Taiwanese Buddhist Association donates relics to China

- through Henry Oudin

Published on

Taken from news.tvbs.com.tw

The National Museum of China in Beijing held a ceremony on Monday in which the Unified Association of Humanist Buddhism, Chunghua, donated 30 relics to the National Cultural Heritage Administration (NCHA), highlighting the cultural ties between the China and Taiwan. Some 250 officials and guests from China and Taiwan attended the ceremony, highlighting the significance of the relics.

Co-chairman of the Chunghua Unified Humanist Buddhism Association Wu Chih-yang admitted that the relics were collected by "warm people" from abroad and then collected by the association.

“There is always a long story behind every lost item, but destiny rediscovers them, and so the key is to bring them home,” Wu said. “Donating these items is not just an exchange of heritage cultural and Buddhist circles on the other side of the strait. It is a higher level communication regarding our deep emotion. (ECNS)

The relics, made up of colorful sculptures dating from the Song Dynasty (960-1279) to the Qing Dynasty (1644-1911), were selected from a collection of lost precious items from various foreign sources in recent years.

Head of the Taiwan Work Office of the Communist Party of China Central Committee and the Taiwan Affairs Office of the State Council Song Tao praised the efforts of Taiwanese citizens to safeguard Chinese cultural relics and promote culture Chinese.

From ecns.cn

Song emphasized the common Chinese identity of people on both sides of the Taiwan Strait, emphasizing the importance of Chinese culture as a common heritage and binding the two peoples in what he called "our common foundation, our pride, our wealth and our soul.” (World Time)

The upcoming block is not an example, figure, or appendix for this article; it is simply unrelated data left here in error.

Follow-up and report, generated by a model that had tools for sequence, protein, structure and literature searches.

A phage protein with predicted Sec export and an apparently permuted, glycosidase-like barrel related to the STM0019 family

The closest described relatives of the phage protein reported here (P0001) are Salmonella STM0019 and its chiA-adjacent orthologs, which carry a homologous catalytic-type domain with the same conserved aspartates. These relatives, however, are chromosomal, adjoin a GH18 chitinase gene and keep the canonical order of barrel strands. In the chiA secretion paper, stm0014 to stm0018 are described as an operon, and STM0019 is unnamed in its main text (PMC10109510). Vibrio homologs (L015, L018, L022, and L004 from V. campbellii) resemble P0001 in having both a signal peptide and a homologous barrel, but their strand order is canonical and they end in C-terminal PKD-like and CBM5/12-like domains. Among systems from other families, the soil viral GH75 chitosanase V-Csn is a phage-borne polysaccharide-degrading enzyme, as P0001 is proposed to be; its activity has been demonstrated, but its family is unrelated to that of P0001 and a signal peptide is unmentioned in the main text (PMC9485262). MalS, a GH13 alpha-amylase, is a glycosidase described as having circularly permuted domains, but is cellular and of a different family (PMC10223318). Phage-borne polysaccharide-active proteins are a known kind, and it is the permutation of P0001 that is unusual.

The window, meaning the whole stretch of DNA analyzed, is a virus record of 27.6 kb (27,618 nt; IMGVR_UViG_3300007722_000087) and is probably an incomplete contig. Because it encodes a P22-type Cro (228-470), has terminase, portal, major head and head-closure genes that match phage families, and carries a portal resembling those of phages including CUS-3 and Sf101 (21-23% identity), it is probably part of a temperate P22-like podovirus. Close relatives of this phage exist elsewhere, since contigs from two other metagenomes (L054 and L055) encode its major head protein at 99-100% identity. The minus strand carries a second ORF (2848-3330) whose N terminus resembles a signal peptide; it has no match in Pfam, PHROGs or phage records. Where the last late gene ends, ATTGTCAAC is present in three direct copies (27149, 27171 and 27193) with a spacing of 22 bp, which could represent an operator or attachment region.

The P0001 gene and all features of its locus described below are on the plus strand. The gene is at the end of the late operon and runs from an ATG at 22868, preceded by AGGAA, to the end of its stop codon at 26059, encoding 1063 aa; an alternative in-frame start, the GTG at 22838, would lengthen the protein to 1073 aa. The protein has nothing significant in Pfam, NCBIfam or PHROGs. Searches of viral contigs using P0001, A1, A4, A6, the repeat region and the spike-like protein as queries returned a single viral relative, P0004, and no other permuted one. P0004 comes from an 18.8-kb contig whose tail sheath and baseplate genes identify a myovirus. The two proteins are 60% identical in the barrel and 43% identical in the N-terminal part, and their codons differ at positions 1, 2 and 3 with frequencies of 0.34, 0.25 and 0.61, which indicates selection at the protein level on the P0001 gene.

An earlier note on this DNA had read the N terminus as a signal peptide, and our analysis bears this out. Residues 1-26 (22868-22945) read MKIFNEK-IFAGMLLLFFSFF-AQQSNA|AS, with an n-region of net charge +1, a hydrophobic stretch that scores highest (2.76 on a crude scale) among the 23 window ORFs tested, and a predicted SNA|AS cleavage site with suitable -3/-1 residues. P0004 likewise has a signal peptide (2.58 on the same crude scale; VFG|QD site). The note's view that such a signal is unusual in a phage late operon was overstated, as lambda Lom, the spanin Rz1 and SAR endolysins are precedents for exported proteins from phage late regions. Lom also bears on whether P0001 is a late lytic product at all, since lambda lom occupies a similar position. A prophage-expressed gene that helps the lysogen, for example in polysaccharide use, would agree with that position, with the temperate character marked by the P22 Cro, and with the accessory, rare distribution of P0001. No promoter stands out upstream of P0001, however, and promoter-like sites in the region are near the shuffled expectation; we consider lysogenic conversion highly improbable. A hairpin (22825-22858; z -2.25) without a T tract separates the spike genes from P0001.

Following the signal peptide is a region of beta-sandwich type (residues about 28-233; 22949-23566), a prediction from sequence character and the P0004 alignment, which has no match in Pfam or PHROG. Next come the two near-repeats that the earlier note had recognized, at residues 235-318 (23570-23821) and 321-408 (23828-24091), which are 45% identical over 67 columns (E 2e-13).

Taiwanese guests emphasized the importance of Buddhist culture as an integral aspect of traditional Chinese culture, viewing the collection and preservation of these artifacts as a way to show pride in their cultural heritage. They noted that the donation event reflected sentiments passed down from previous generations, citing the example of Ven. Master Hsing Yun (1927-2023), founder of the Fo Guang Shan Buddhist order of Taiwan, who donated a Buddha head statue from the Northern Qi Dynasty (550-577) to the NCHA. This event took place in 2016 and attracted the attention of many people in China, Taiwan and beyond. During this ceremony, Ven. Hsing Yun promised to bring more relics.

“Hsing Yun has set an outstanding example for the people in safeguarding Chinese cultural relics,” Chinese Minister of Culture and Tourism Sun Yeli said at the ceremony. “Once again we see his unfulfilled wish come true. » (ECNS)

Sun added that the newly returned relics would undergo in-depth study to better understand their provenance and condition. Exhibitions would follow, allowing the Chinese and Taiwan to benefit from the exchanges.

“Cultural communication has always played a crucial role in enhancing people-to-people connectivity across the Strait and strengthening our ties,” Sun said. (ECNS)

The guests from Taiwan expressed hope that the return of these artifacts would promote peace, harmony and unity between Chinese and Taiwanese citizens. They called for increased interactions, exchanges and visits between people on both sides of the Strait to build mutual trust and goodwill, thereby contributing to the revitalization of Chinese culture.

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Henry Oudin

Henry Oudin is a Buddhist scholar, spiritual adventurer and journalist. He is a passionate seeker of the depths of Buddhist wisdom, and travels regularly to learn more about Buddhism and spiritual cultures. By sharing his knowledge and life experiences on Buddhist News, Henry hopes to inspire others to embrace more spiritual and mindful ways of living.

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